Part of this podcast is about exploring nuance and sitting with uncomfortable truths, like unsympathetic victimhood for example. Could you speak to what it's been like to make space for all those complexities in telling this story? 

MA: Exploring the intimate, precarious inner workings of people's lives as a journalist demands great care and trust. And this must be developed, so as to avoid stealing people's stories rather than telling them ethically. For decades the MOVE organization has had a hostile relationship with the press, who many blame for laying the groundwork for the police operation that would end in the bombing of their home. So, the question was: how do you build trust among people who hold deep, and well-founded skepticism of journalists? 

Two men are pictured outdoors, in front of a forest and beside a stream. Mike Africa Jr is on the left, and Matt Amha is on the right with a mic.
Host and producer Matthew Amha, right, worked closely with Mike Africa Jr., left, activist and son of founding members of MOVE. (Jess Linzey/CBC)

For us, it meant being honest about the story we were telling and being very clear about the fact we had no intention of continuing the media legacy that had historically reduced the group to degrading and dehumanizing caricatures. That we would maintain the journalistic tenets of inquiry, corroboration, evidence, and verification, but employ a more human method. In that spirit, much of the most important work we did for this series was developed away from the microphone — hours-long conversations, exchanging stories and debates. And the fruits of that work are reflected in the access and openness so many of the folks featured in the series offered to us in return. 

Can you explain how the story of MOVE fits into the larger current day conversations that are happening around anti-Black racism, racial justice and reparations?

MA: The MOVE story belongs at the centre of the American civil rights narrative, alongside events like the Tulsa Massacre – another atrocity that had long been obscured from the mainstream historical record. The MOVE bombing represents the very issues we continue to struggle with today: viral incidences of police brutality, repatriation, activism, and reparations. The story of the MOVE organization is the story of the modern era. The Africas Vs. America is also about what becomes of our inconvenient change makers: those who can not be reassembled or malformed to fit into tidy narratives of redemption or national healing. These stories are worth remembering, too.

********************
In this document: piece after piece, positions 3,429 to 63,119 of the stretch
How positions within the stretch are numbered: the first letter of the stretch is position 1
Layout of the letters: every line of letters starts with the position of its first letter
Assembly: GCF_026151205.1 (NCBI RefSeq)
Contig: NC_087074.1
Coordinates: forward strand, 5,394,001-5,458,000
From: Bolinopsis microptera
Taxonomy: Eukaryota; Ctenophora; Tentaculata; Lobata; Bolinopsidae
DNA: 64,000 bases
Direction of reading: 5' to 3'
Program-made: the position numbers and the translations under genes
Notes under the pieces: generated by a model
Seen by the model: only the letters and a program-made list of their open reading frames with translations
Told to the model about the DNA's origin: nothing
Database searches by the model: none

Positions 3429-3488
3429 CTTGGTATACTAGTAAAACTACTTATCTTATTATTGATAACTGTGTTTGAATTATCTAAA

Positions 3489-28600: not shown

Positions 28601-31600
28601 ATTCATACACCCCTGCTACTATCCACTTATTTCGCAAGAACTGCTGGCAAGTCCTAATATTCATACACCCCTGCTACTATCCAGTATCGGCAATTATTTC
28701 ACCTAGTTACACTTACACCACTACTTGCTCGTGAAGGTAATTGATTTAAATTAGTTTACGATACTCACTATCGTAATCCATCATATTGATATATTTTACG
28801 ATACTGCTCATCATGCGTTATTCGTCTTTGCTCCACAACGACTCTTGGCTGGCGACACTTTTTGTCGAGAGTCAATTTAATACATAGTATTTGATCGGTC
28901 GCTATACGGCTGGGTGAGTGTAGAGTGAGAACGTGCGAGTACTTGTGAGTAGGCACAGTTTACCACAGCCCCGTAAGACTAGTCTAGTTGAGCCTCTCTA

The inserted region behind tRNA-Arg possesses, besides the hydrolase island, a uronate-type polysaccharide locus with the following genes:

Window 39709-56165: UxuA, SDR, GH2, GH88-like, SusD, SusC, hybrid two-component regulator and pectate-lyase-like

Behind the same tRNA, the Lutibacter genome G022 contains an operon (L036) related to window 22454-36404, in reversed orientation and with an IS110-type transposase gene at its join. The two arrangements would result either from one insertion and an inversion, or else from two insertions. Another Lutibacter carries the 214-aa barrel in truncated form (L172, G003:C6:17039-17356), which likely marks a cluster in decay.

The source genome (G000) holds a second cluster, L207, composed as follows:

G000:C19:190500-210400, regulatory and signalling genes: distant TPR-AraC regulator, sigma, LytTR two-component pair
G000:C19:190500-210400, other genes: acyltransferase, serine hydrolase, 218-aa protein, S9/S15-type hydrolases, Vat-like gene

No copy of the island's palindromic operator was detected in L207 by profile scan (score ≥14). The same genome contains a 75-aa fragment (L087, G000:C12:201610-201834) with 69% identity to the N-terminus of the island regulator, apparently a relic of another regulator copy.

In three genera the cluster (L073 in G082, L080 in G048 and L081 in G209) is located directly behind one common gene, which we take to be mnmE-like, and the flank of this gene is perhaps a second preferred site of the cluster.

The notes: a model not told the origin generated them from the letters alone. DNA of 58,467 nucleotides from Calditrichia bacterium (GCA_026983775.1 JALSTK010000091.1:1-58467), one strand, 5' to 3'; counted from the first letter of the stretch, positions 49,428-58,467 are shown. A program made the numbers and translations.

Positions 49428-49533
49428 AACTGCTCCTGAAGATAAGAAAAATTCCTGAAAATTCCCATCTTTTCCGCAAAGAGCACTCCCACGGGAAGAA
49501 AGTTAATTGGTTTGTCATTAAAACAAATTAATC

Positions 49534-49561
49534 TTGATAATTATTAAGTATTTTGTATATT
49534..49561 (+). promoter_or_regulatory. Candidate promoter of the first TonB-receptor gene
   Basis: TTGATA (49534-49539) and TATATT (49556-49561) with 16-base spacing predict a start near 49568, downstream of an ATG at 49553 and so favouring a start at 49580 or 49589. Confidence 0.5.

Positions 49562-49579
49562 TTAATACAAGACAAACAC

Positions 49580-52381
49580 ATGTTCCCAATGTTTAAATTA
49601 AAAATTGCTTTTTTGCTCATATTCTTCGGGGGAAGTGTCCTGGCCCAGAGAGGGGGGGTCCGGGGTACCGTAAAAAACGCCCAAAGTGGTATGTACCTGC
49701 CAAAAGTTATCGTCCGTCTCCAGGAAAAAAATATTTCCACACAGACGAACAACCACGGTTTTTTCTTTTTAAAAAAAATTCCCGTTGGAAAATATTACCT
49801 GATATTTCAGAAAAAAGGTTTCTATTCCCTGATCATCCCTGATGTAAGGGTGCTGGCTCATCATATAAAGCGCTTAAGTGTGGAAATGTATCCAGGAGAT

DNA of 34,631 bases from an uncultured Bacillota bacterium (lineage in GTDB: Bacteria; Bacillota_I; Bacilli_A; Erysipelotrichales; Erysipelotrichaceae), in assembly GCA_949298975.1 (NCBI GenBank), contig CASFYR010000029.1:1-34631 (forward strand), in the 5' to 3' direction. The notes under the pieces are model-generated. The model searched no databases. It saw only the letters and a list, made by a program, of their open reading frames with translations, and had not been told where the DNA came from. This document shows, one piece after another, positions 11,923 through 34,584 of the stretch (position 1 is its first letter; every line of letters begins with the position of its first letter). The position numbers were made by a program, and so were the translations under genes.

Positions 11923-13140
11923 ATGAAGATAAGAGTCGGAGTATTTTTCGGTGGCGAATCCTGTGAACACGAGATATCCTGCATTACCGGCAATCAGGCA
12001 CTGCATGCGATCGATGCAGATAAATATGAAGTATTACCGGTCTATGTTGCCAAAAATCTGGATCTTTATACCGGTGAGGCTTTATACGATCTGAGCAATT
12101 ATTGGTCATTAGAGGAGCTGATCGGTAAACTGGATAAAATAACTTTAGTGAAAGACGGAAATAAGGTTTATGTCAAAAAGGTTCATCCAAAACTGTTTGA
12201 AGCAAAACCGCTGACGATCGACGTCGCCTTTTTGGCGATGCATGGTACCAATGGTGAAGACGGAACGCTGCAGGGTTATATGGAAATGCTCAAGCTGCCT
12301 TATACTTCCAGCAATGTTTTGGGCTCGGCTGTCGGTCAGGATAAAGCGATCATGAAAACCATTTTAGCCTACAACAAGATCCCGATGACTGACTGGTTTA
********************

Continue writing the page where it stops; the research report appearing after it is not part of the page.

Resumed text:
File photo shows row houses burning in a west Philadelphia neighbourhood fire after police dropped a bomb on the group MOVE's headquarters on May 13, 1985, killing 11 people and destroying 61 homes. (The Associated Press)

Despite the fact the bombing of the MOVE  home took place nearly four decades ago, The Africas Vs. America focuses itself on the shared conditions that link the time between now and then. So much of which remains unchanged.

What are you hoping listeners will take away from this series? 

MA: I hope listeners will come to complicate their sense of history and challenge conventional wisdom. That they think more deeply about the human story — not the story of a bombing, or any singular act of violence, but the story of the people, flesh and blood, whose lives were unalterably changed by it. I also hope listeners challenge the public need for victims of state violence to be perfect, or in any way passive, in order to garner basic empathy. But most of all, I hope listeners look beyond the cliches that typically attend discussions of racial justice, and radical activist organizations such as MOVE. 

Written & produced by Émilie Quesnel.

Add some “good” to your morning and evening.

From the finest podcast recommendations to behind the scenes exclusives, CBC's biweekly podcast newsletter brings you the latest in news, events and industry buzz from wide world of podcasts. Hear what sounds good from your favourite podcast creators.


The next issue of Sounds Good: CBC’s Podcast Newsletter will soon be in your inbox.

Discover all CBC newsletters in the Subscription Centre.opens new window